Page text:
I was bullied pretty severely when I was younger too, and I firmly believe it definitely contributed to the development of my BPD. Marsha Linehan, pretty much the foremost expert on BPD (who developed DBT and also has BPD herself!) created the Bio-Social Theory which states that individuals have to have a genetic or biological predisposition to developing BPD, but that it takes a combination of that genetic predisposition and environmental factors that lead to the ultimate development of BPD. One such environmental factor she singles out is “invalidating environments”, which bullying easily falls into. Basically if in your younger years you were made to feel like you were wrong, your existence was wrong, that the way you express yourself or your emotions were wrong, that you were being “too sensitive” when people were hurting you, if people weren’t defending you from the bullying… all of those things create an invalidating environment that makes it more likely for you to develop BPD.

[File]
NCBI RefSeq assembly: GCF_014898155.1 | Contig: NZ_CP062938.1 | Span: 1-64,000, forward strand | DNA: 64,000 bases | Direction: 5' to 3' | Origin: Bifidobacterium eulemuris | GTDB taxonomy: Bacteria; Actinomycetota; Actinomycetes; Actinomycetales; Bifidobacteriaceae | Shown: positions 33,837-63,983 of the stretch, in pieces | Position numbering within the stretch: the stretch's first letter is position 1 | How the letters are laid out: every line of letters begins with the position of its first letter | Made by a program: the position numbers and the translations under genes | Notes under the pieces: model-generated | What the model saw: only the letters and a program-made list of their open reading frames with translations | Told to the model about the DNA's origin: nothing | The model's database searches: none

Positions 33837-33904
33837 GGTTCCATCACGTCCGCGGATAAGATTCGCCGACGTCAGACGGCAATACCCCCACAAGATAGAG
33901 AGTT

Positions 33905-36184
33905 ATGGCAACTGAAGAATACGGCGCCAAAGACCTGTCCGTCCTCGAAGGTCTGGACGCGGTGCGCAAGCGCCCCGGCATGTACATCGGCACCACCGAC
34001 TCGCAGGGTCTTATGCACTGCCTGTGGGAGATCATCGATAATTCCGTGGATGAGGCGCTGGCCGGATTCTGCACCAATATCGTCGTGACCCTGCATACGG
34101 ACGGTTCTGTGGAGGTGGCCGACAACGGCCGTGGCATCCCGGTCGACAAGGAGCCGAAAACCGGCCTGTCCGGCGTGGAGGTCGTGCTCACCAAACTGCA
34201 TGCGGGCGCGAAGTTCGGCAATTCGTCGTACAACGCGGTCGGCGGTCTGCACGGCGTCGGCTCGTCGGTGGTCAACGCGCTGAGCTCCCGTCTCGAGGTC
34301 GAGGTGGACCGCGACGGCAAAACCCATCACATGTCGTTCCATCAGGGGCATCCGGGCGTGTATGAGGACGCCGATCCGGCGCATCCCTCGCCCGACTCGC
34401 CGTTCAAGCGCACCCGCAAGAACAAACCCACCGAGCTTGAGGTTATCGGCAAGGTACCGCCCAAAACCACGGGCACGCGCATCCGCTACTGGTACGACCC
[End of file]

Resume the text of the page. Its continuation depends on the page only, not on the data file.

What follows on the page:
Now, not all people who are bullied have BPD, and not all people who have BPD were bullied as a child. But it can easily be a contributing factor if you were already predisposed to developing the disorder.
I’m very sorry that you were bullied, that type of harassment and abuse can have long lasting psychological effects when it occurs at such a crucial age of your development. I went to therapy while I was in high school to deal with the bullying I was facing and it helped somewhat, but I still have flashbacks to things that happened to me, things that were done to me. My BPD feeds on those memories at times and it makes it harder to leave those times in the past.
That was a long way of saying “Absolutely, bullying can contribute to developing BPD” but I hope my explanation was helpful or comforting or something.